bio | website | people.virginia.edu/~aa4cr/… |
---|---|---|
location | University of Virginia | |
age | ||
visits | member for | 5 years, 1 month |
seen | Aug 15 at 18:48 | |
stats | profile views | 3,801 |
I am a mathematical physicist working on:
• Constructive quantum field theory.
• Rigorous renormalization group methods.
• Mathematical statistical mechanics.
• Combinatorics related to Feynman diagrams and cluster expansions.
• Classical invariant theory, and applications of the classical symbolic method to problems in algebraic geometry and representation theory.
Aug
5 |
revised |
What mathematical treatment is there on the renormalization group flow in a space of Lagrangians?
added 439 characters in body |
Jul
7 |
awarded | Yearling |
Jun
22 |
awarded | Necromancer |
May
22 |
comment |
$\mathcal S'(\mathbb R^d)$ is separable
@Eric: see the reference in my edit, or the book mentioned by Igor. |
May
22 |
reviewed | Leave Open $\mathcal S'(\mathbb R^d)$ is separable |
May
22 |
comment |
$\mathcal S'(\mathbb R^d)$ is separable
@Igor: Reed and Simon is standard among mathematical physicists, but I don't know if it so for the majority of users of the theory of distributions. In any case, Barry Simon did much to emphasize this sequence space connection. |
May
22 |
revised |
$\mathcal S'(\mathbb R^d)$ is separable
added 525 characters in body |
May
22 |
comment |
$\mathcal S'(\mathbb R^d)$ is separable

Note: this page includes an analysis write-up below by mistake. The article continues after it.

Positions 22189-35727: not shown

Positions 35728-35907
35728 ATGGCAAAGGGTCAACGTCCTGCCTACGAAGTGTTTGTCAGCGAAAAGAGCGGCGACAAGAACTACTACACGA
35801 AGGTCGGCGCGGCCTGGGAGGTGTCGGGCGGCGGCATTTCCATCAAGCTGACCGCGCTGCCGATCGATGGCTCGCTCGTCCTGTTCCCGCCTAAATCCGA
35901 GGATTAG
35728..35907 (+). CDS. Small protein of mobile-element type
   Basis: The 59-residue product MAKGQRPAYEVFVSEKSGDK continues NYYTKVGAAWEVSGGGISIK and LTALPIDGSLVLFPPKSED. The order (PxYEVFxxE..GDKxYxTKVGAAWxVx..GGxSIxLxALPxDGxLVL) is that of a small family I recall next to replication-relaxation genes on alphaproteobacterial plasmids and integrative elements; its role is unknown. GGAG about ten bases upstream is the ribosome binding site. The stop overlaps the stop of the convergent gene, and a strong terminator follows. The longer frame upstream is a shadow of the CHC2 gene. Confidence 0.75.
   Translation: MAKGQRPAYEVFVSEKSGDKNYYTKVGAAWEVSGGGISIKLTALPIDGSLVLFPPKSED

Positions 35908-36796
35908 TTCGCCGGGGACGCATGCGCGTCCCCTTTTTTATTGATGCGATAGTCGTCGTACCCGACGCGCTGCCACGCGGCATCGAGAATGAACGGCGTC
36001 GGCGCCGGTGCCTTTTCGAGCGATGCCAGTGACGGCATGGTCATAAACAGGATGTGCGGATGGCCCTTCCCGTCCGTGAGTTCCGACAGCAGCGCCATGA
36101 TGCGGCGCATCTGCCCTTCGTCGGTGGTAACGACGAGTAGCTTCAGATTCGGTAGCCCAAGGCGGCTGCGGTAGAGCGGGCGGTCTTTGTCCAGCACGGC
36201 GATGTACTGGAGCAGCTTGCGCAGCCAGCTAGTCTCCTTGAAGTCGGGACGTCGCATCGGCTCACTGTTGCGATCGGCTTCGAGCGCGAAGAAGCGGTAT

why so many votes to close? One could say this is a "basic question" in the theory of distributions and therefore perhaps more suited for math.stackexchange. But how many textbooks on distributions contain the answers to such basic questions? |
May
22 |
answered | $\mathcal S'(\mathbb R^d)$ is separable |
May
21 |
answered | Weakly correlated Bernoulli field |
May
20 |
answered | What's the relation between spin model for subfactors theory and physics? |
May
20 |
comment |
cumulant problem
Unfortunately G-C Rota passed taking away with him potential explanations of many mysterious statements like the one in the quote above...Somewhat related is this MO question: mathoverflow.net/questions/107526/… |
May
7 |
comment |
$S_k(x+y)-S_k(x)-S_k(y)$ where $S_k$ is symmetric polynomial
It's a good start but one has sums $\sum_i x_i^a y_i^b$ say with $a>b$ and one has to peel off the $x_i^{a-b}$ from the $(x_i y_i)^b$ somehow. |
May
7 |
comment |
$S_k(x+y)-S_k(x)-S_k(y)$ where $S_k$ is symmetric polynomial
$S_k$ for the elementary symmetric functions, what a horrible notation... |
May
4 |
reviewed | Leave Open Examples of $C^*$-algebras in Noncommutative Geometry from A. Connes |
May
4 |
reviewed | Approve If the quotient of an algebraic space $X$ by a finite group is a scheme, is $X$ a scheme? |
Apr
22 |
comment |
Squaring random Schwartz distributions
Thanks Martin. I didn't know that your magnum opus contained a generalization of the LV extension theorem... |
Apr
21 |
comment |
Squaring random Schwartz distributions
@Martin: yes this is also the impression I got. Complete dependence is not preserved under weak convergence of the joint probability distributions. So indeed their paper does not go as far as constructing a map $Sq$. I was wondering if 1) by working harder one could refine their result and construct such a map which would give the same join distribution or 2) there is some no-go theorem which would show that 1) is impossible. A related question is if there is a nonconstructive way of showing some $Sq$ map exists as in the theorem of Lyons and Victoir. |
Apr
21 |
revised |
Squaring random Schwartz distributions
fixed formula |
Apr
15 |
answered | Existence of an invariant measure on an infinite dimensional space via Lyapunov functional |